Applause from public after council’s urgent 5G motion
BYRON Shire Councillors were met with applause when they voted to make a late submission to Telstra regarding its 5G tower planned for Mullumbimby.
In an urgency motion brought before the council’s planning meeting yesterday, councillors voted unanimously to immediately contact Telstra and request the company considers a late submission from the council “due to the fact that council had not met since the submission period commenced”.
That submission period ended this week.
They unanimously agreed that the council “does not currently support the proposed upgrade that will facilitate 5G technologies and continues to support a moratorium on the installation of 5G technology infrastructure” until information previously requested of is provided.
The information sought by the council includes:
- Identification of and commitment by a State or Federal Government body to do a comprehensive review of the cumulative impacts of the 5G technology
- Identification of who holds responsibility for the ongoing monitoring of any cumulative impacts
- Commitment from the State Government to review the current planning processed for the installation of small cells and consideration of any possible improvements
Deputy mayor Sarah Ndiaye said concerns about the infrastructure, proposed to be installed behind the Mullumbimby Post Office, included its proximity to schools and a school bus stop and that it was within 50m of a grey-headed flying fox colony which was “only recently re-established itself” after drought and fire impacts.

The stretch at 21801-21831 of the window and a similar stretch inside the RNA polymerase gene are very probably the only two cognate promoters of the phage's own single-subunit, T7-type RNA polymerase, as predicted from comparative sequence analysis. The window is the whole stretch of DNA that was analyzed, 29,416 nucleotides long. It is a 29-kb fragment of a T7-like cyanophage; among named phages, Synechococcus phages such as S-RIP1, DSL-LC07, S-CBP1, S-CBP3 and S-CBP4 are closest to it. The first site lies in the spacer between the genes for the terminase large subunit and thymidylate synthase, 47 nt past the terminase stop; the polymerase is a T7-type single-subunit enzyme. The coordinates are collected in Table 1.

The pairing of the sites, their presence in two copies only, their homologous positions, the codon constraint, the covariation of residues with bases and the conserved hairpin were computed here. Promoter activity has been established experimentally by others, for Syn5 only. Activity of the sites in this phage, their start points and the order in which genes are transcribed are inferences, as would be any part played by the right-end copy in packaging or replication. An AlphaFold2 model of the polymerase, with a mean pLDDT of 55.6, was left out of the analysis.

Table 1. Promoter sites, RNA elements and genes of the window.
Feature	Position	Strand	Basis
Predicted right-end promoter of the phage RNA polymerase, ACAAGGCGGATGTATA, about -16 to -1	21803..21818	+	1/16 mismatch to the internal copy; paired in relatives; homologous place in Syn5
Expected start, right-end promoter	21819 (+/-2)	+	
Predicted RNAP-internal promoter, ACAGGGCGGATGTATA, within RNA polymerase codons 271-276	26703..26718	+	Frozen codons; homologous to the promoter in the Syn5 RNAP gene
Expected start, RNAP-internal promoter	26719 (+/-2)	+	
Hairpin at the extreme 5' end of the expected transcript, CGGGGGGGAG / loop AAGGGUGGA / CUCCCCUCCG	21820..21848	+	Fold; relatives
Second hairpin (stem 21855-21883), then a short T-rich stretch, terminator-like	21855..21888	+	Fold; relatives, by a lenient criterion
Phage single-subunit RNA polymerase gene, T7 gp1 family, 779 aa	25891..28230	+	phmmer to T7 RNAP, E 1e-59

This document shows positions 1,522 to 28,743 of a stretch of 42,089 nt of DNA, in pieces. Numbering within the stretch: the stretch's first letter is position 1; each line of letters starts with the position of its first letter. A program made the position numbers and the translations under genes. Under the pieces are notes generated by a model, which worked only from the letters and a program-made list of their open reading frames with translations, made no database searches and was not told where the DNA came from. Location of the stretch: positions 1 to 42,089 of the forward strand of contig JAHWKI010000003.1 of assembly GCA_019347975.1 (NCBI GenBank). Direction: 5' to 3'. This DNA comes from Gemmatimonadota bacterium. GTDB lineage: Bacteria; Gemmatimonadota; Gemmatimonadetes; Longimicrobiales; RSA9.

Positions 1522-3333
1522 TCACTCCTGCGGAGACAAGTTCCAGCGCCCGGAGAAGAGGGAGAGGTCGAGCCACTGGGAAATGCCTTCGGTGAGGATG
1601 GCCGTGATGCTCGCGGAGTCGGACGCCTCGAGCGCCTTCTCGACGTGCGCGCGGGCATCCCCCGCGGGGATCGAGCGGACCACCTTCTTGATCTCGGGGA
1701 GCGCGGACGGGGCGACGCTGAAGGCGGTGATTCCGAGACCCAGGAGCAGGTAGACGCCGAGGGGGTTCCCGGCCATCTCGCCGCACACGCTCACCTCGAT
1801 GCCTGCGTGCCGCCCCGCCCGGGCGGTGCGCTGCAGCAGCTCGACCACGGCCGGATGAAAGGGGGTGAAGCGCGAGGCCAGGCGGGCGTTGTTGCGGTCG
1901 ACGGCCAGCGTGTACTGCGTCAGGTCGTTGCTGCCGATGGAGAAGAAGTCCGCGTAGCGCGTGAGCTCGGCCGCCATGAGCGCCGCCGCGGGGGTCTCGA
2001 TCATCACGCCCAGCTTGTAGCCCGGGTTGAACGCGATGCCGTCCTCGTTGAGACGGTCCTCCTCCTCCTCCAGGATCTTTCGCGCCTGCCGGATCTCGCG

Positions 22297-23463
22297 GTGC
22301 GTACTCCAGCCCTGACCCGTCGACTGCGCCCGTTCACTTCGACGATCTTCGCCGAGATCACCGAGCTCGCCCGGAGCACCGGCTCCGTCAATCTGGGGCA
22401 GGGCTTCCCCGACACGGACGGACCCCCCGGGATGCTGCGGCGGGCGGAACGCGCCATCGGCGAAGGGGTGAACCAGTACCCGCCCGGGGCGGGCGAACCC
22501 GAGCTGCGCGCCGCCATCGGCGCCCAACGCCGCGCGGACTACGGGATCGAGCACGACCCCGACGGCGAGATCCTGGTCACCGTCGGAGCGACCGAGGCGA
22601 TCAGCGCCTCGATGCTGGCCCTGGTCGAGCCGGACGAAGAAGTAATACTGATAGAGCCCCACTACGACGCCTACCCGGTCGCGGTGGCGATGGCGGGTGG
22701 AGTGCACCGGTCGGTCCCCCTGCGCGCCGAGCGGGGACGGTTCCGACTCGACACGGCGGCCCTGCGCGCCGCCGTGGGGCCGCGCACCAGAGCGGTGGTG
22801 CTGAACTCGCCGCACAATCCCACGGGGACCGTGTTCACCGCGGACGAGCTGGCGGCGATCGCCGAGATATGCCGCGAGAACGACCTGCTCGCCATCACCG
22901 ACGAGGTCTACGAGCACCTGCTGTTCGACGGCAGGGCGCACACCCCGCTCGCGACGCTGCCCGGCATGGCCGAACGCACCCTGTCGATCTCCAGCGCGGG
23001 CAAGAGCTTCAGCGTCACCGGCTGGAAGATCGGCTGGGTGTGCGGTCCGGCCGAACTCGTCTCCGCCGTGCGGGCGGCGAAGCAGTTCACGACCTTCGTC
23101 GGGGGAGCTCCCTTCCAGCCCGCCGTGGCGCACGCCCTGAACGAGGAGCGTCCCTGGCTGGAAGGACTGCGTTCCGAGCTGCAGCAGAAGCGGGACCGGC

She stressed the council chambers sit within 500m of the site proposed for the 5G infrastructure.
“We’re in uncertain times at the moment, for our community and a lot of communities around the world,” she said.
“There’s a lot of concern around this.
“There’s no one who’s monitoring this.
“There’s just too many questions.”
A member of the public who spoke to the council during public access urged them to follow “precautionary principals”.
Mayor Simon Richardson said it was “a vexed issue” and said it was “really hard” to determine how widely-spread opposition to 5G was across the shire’s communities.
He pointed out they were following scientists’ advice on coronavirus (COVID-19) but doubting experts’ views 5G doesn’t cause harm.
“If there was a 5G tower 100 metres from my house what would I do?” he said.
“To be honest, it wouldn’t really bother me.”
But Cr Richardson said he had “reservations” as there were questions unanswered after a federal inquiry into the deployment, adoption and application of 5G in Australia.
The six members of the public gallery applauded when they resolved to contact Tesltra and oppose the tower without further information.